Short term advice is difficult to give, unless you are off the cliff and flailing in the sky already.
Assuming you are not there, let’s look at some long range.
One, of my dozens of cousins, budgets for what he made at his last job, or before his last raise, so if the income goes down, there is already a cushion.
The short term version of this is to spend last month’s income this month.
Being self-employed with a self-employed wife, I confess I have not quite figured out how to do this one.
If you have steady income, and steady expenses, this is good advice. 1916 – SEATTLE UNEMPLOYMENT OFFICE
Dave Ramsey and many other financial advisers recommend an emergency fund, $1,000 cash, plus several months expenses socked away is the Ramsey way.
The tough part, for me, and many of us, is re-assessing, going back over past decisions, to see if they still make sense.
Are there any monthly payments you can get rid of?
We dropped the cable TV last year; I have not regretted it; I would just be watching more sporting events.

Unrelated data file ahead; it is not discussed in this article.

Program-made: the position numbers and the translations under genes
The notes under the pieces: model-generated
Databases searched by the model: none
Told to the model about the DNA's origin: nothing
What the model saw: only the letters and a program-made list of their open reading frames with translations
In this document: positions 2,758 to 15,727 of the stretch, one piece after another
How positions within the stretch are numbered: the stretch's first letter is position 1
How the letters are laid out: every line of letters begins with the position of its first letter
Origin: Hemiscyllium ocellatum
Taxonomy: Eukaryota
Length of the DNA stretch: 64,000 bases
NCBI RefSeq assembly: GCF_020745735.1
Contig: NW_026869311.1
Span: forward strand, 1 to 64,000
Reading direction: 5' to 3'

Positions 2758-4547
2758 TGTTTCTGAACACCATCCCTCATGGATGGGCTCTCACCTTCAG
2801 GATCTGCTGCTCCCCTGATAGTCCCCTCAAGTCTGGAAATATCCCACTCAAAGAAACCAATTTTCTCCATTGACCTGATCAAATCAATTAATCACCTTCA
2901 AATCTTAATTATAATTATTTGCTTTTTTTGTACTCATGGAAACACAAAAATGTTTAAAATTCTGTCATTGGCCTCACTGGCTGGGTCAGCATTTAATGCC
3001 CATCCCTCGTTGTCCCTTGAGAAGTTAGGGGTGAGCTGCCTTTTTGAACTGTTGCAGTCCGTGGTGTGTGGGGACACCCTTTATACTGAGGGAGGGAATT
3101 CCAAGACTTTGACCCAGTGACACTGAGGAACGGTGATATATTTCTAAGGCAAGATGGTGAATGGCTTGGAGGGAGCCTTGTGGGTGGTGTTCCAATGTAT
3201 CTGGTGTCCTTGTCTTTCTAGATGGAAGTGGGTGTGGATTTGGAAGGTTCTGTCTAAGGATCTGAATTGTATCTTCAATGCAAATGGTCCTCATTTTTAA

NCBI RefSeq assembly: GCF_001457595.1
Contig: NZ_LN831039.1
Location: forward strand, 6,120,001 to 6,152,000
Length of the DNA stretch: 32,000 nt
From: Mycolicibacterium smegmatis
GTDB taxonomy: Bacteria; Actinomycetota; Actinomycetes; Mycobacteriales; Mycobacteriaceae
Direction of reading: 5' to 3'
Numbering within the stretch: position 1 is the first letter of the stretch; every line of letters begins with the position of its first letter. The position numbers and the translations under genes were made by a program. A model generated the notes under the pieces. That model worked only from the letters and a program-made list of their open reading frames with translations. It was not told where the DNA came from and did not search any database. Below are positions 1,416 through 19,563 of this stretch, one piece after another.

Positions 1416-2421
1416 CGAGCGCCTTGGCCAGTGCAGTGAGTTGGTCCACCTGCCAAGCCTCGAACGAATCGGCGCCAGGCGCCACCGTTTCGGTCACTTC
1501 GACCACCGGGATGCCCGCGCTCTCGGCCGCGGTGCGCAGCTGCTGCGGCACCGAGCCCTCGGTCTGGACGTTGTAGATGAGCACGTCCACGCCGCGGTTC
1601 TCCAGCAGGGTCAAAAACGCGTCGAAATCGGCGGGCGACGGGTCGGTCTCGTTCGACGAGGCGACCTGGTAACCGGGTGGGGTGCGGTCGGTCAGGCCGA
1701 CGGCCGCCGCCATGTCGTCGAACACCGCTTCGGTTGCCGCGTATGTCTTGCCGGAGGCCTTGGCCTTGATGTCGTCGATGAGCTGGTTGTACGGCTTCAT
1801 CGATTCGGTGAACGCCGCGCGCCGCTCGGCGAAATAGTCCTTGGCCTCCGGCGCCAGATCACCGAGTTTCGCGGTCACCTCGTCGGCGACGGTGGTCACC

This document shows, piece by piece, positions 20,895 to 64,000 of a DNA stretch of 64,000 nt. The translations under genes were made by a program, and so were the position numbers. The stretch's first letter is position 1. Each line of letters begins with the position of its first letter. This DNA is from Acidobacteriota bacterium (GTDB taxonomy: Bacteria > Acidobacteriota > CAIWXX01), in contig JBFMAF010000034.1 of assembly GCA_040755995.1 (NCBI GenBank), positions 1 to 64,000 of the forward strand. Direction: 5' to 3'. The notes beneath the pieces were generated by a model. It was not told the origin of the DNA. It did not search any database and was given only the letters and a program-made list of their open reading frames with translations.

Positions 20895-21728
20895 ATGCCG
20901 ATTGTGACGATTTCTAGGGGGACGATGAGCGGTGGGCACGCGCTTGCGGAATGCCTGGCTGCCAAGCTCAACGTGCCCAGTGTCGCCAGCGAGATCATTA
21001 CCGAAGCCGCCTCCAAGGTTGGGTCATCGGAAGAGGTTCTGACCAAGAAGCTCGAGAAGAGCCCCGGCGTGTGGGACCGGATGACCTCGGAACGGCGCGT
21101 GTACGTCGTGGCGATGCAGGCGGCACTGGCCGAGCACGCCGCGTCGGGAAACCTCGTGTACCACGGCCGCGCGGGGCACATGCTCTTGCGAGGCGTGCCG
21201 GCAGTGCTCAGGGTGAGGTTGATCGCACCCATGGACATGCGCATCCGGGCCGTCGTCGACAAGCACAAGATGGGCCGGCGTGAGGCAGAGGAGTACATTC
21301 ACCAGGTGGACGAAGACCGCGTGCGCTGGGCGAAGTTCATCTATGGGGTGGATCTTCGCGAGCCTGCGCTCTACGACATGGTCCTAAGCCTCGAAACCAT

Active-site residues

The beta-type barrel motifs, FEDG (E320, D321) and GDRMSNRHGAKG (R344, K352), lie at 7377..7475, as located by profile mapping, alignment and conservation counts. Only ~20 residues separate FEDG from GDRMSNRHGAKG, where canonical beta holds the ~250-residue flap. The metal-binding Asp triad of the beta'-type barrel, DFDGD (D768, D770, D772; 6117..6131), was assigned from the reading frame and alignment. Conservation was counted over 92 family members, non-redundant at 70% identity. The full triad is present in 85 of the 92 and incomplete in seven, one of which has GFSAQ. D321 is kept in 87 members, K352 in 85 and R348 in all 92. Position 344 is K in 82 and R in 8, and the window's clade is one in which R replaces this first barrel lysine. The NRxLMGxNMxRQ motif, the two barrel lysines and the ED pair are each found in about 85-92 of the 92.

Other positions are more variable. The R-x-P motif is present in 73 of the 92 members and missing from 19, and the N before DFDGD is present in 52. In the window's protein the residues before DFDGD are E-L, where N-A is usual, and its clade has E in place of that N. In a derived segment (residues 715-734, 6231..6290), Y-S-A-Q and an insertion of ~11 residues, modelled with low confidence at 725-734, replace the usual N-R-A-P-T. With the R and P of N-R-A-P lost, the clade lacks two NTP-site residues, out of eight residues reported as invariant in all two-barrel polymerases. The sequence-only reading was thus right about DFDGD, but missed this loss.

Some of which I can view online.
How about getting a used car instead of another lease or car payment, when the next one is paid off?
Flexibility is the key to meeting new, and unexpected, challenges.
The less of your income that is committed to monthly payments, the more of a cushion you have for recessions, or, a depression.
And, the more money that should be available for emergencies.
The big one, of course, your house.
Some 80% of homes with second mortgages are underwater.
And if that recession never comes?
So much the better, more for college for kids, (instead of student loans, but, watch out there!) retirement, or fun stuff.
Image credit: Seattle Municipal Archives
Seattle unemployment office 1916